One of the most attractive fashion houses for ladies is Cadden and Andrews', Marrickville. It equals the best in Sydney for millinery, laces, gloves, flowers and mounts, blouses and gowns. Just now the very latest French model hats have been opened and are proving a great attraction. The millinery department is under the management of Miss Fletcher, late of Kay's in the Strand, and is thus brought right up to date.

Sands Directory 1910-1919 shows Cadden and Andrews' at the corner of Petersham Road and Illawarra Road, Marrickville. Many will have recollections of a haberdashery store being on this site. Today it houses the Cornersmith Cafe.

An advert for the store was published in the Farmer & Settler paper in June 1914. (Prior to WWI the newspaper had been published twice a week, but shortly after the war began they became a daily publication in order to report on the war).

 

During early 1915 there were many adverts for salespersons to work in their store. Yet in The Freeman's Journal advertised 11 November 1915:

The big dissolution sale of Messrs. Cadden and Andrews, general drapers, Marrickville and Campsie, commences to-day (Thursday), when customers will have an excellent opportunity of securing some fine bargains.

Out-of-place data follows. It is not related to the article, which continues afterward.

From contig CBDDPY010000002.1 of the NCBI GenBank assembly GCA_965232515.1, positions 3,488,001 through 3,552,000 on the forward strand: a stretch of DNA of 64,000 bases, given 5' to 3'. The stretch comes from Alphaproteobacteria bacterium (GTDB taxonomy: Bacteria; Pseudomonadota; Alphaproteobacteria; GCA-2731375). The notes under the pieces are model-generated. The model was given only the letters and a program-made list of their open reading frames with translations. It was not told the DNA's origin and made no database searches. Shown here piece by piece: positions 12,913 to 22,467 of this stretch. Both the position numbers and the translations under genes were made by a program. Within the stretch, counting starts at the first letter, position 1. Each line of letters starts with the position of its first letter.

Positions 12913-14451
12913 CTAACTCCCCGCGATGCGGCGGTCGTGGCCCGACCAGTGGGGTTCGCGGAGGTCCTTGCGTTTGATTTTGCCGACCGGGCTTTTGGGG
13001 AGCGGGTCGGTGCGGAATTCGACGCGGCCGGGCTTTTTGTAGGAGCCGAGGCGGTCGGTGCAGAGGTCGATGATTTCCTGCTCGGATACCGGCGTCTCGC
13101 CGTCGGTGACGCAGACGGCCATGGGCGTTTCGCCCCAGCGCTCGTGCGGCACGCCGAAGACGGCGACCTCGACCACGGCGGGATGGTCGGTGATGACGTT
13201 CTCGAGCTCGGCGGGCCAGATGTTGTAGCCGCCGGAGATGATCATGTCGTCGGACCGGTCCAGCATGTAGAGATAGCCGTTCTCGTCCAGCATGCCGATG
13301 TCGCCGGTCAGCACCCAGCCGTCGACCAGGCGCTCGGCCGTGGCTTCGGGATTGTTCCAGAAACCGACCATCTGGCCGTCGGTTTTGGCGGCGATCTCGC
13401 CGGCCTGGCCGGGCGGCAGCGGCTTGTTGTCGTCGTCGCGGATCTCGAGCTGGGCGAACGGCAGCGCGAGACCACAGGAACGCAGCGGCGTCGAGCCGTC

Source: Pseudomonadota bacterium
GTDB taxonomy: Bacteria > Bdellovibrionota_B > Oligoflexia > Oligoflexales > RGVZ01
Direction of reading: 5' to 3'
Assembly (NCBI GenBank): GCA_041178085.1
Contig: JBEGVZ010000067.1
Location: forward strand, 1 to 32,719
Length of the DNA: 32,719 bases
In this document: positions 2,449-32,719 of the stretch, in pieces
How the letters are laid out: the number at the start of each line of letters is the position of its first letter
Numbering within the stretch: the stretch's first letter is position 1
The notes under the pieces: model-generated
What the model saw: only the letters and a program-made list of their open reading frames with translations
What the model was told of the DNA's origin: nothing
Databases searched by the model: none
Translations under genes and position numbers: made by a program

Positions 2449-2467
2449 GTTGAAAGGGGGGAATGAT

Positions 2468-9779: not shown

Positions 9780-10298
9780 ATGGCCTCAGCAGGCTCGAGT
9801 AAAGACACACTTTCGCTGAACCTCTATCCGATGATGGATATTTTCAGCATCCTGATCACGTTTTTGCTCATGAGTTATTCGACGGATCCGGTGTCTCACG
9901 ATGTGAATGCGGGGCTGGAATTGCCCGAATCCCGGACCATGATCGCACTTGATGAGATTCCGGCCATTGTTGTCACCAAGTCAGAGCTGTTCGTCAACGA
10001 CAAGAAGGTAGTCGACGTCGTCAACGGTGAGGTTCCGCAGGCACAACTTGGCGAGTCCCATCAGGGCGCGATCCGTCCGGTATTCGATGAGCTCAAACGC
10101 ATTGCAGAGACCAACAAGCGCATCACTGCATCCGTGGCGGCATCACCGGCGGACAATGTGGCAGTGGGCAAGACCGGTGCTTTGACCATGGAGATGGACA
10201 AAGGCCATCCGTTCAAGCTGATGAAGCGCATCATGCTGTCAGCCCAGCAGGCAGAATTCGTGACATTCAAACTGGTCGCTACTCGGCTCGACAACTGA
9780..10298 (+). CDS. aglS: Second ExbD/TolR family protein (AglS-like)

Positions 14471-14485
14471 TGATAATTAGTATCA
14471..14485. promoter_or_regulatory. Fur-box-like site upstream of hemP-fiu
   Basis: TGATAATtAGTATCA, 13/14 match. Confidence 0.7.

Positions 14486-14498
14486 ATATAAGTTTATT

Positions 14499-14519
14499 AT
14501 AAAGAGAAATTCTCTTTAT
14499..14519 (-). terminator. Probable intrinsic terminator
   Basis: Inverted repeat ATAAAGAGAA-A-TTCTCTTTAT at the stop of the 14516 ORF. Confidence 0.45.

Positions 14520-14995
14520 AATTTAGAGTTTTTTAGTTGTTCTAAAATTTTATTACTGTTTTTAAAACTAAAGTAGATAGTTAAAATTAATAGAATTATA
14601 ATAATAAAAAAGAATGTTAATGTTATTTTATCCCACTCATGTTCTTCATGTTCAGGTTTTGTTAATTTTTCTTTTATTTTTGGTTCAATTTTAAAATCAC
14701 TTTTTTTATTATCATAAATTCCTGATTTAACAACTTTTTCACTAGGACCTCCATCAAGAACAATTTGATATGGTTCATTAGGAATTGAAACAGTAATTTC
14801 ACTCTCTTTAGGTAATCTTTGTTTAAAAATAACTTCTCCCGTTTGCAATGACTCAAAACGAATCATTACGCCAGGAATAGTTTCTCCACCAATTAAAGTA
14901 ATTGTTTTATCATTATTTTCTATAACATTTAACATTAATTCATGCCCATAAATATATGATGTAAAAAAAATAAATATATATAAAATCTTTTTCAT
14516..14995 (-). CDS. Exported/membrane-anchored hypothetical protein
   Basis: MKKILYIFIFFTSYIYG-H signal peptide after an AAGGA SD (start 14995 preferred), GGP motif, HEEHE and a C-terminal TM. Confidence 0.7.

What happened to this business? Could it have been a victim of war or had the partners fought a battle against each other?  A riddle to solve for another time.  Perhaps I'll ponder it when I'm sipping coffee at the Cornersmith Cafe!

Sunday, 27 July 2014

Heritage 14 launched on 17 June at The Henson, Marrickville

The launch of a Marrickville Heritage Society journal is always a landmark occasion and on Tuesday 17 June about 50 members and friends gathered at The Henson to meet with some of the authors and those who produced it. The Henson was chosen as the venue both as one of the journal advertisers, and, in its refurbished state, as a local venue worth supporting. The Society’s commitment to its members was demonstrated by the fact that it catered for the event and continues to provide each membership of the Society with a complimentary copy of the journal. Other members should receive their copy with the July newsletter. Extra copies are $10 each.